Wednesday, April 05, 2017

SEC upholds ALJ’s Bennett decision, declines to apply Bandimere

By Amanda Maine, J.D.

The SEC imposed disgorgement, civil penalties, and a cease-and-desist order on Bennett Group Financial Services, LLC and its founder, majority owner, and CEO Dawn Bennett for violating the antifraud provisions of the securities laws. The administrative law judge had entered a default order against the respondents, who had declined to participate in the administrative proceeding to preserve their constitutional argument that the ALJ was unconstitutionally appointed under the Appointments Clause. The Commission rejected the respondents’ appeal based on the recent Tenth Circuit case Bandimere v. SEC that SEC ALJs are unconstitutionally appointed inferior officers (In the Matter of Bennett Group Financial Services, LLC, Release No. 33-10331, March 30, 2017).

Allegations. The SEC instituted administrative proceedings against the respondents in September 2015, alleging that they made material misstatements and omissions about investment returns, as well as additional misstatements made to obstruct the investigation and cover up their prior fraud. In December 2015, the respondents stated that they would decline to participate in the proceeding, and when they did not appear at the hearing, the ALJ found them in default and imposed the cease and desist-orders, disgorgement, and penalties.

Commission decision. The Commission, consisting of Acting Chairman Michael Piwowar and Commissioner Kara Stein, first noted that the respondents, having been found in default, had waived any arguments on the merits, including arguments directed to the merits of the proceedings.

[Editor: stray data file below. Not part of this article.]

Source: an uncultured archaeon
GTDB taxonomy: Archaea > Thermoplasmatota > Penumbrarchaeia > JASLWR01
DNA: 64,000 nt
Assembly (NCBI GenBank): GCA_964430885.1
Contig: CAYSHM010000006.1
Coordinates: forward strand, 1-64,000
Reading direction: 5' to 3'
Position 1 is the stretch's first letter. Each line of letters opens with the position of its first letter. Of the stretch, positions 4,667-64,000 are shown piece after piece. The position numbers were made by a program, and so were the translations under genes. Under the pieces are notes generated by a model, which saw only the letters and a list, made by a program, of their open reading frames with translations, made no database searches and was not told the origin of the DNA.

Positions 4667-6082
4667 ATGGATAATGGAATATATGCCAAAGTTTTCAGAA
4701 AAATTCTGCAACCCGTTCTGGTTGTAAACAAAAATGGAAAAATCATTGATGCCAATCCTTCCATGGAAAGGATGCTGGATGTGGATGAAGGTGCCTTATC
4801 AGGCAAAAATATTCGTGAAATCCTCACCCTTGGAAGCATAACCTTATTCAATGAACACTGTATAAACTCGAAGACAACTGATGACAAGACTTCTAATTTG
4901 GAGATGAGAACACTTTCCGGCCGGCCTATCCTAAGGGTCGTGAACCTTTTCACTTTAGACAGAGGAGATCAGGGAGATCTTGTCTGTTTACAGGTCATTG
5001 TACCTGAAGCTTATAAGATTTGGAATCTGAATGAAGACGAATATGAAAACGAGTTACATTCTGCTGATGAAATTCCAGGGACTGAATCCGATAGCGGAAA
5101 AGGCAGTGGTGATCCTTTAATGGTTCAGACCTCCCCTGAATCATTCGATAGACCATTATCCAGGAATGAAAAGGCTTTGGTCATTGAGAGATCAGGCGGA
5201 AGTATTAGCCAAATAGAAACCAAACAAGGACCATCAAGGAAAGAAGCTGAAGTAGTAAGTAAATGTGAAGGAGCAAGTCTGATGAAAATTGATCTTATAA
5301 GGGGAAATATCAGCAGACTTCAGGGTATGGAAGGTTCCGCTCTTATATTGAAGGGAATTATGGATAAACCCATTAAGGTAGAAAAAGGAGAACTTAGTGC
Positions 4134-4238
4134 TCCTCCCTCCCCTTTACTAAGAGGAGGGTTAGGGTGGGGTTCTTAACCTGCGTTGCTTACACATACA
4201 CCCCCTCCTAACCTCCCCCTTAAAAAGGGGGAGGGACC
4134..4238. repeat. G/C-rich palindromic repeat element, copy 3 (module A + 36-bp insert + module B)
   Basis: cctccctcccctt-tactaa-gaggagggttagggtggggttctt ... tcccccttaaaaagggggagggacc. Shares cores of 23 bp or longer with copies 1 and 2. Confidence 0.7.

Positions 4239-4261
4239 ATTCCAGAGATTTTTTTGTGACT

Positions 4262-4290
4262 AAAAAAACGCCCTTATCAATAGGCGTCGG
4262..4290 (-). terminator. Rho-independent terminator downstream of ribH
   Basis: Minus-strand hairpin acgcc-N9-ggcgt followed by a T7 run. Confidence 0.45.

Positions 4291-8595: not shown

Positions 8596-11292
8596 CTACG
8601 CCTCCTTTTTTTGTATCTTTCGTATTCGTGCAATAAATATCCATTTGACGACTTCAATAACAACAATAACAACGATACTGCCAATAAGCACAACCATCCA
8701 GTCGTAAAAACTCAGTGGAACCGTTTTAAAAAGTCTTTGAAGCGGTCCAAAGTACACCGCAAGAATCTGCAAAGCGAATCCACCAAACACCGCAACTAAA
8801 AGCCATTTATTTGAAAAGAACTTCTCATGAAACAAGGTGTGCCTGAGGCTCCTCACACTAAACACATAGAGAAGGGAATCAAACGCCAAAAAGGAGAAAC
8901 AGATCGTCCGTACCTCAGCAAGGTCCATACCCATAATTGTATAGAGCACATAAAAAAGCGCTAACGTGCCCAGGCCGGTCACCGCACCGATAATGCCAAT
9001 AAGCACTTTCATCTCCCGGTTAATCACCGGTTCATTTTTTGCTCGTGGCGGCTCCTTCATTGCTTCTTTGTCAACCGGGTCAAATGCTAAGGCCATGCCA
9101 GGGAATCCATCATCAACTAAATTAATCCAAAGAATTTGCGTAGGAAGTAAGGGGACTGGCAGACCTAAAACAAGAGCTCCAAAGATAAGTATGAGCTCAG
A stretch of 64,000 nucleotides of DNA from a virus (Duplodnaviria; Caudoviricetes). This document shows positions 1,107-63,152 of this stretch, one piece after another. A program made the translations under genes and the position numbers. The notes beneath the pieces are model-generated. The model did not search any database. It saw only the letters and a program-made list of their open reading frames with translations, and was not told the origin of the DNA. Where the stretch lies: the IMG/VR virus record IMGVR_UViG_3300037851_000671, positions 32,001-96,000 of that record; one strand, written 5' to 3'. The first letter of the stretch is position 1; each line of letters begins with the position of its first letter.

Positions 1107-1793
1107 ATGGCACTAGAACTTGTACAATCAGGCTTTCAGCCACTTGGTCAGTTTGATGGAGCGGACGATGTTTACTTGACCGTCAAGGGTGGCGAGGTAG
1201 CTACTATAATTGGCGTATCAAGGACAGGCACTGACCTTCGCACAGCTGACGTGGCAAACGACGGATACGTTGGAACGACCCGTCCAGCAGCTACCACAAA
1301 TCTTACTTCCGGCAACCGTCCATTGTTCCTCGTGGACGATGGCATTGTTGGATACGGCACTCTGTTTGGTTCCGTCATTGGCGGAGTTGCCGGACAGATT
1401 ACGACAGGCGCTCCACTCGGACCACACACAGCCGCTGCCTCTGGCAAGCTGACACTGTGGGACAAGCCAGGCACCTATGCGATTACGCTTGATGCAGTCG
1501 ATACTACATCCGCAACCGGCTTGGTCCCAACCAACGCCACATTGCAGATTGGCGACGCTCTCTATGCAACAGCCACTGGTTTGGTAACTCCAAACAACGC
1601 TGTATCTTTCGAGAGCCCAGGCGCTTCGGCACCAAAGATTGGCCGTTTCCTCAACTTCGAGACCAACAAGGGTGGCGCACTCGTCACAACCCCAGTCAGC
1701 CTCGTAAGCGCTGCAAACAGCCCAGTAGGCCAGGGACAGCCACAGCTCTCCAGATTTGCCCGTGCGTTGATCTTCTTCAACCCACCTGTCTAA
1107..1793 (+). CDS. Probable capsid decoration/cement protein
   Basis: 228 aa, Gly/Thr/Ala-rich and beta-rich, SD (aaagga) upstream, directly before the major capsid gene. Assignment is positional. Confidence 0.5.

Next, giving effect to the respondents’ default, the Commission deemed as admitted the allegations contained in the Order Instituting Administrative Proceedings. The Commission’s order cited testimony and exhibits produced by the Division of Enforcement at the hearing, which were not contested by the respondents.

The Commission also determined that the respondents’ misconduct warrants significant sanctions. Observing that Bennett’s fraudulent conduct was “egregious and recurrent,” that it displayed a high degree of scienter, that she had not given reasonable assurances against future misconduct, and the need to protect investors, the Commission imposed industry, penny stock, and associational bars on Bennett.

A cease and desist order, disgorgement, and civil penalties for both respondents are also warranted, according to the Commission. A cease and desist order is appropriate for essentially the same reasons the bars were imposed. The Commission also ordered the respondents to disgorge the amount of the commissions they received when they were circulating false advertisements—$556,000—plus prejudgment interest.

In addition, the Commission found that third-tier penalties were appropriate because the violations involved fraud or deceit resulting in a significant risk of substantial loss to others or a substantial pecuniary gain to the violator. The Commission imposed a $600,000 penalty on Bennett and a $2.9 million penalty on Bennett Group.

Appointments Clause argument rejected. The respondents argued that the ALJ presiding over the proceeding was an inferior officer unconstitutionally appointed under the Appointments Clause. The SEC acknowledged that the Tenth Circuit’s Bandimere decision held that SEC ALJs are inferior officers, but respectfully disagreed with that reading, as detailed in its petition for a rehearing en banc.

Bennett has previously been unsuccessful in the federal courts in her challenge to the constitutionality of the SEC’s ALJ regime, with the Fourth Circuit in December 2016 affirming a lower court decision that the federal district courts lack subject matter jurisdiction to hear challenges to the constitutional status of SEC ALJs.

The release is No. 33-10331.

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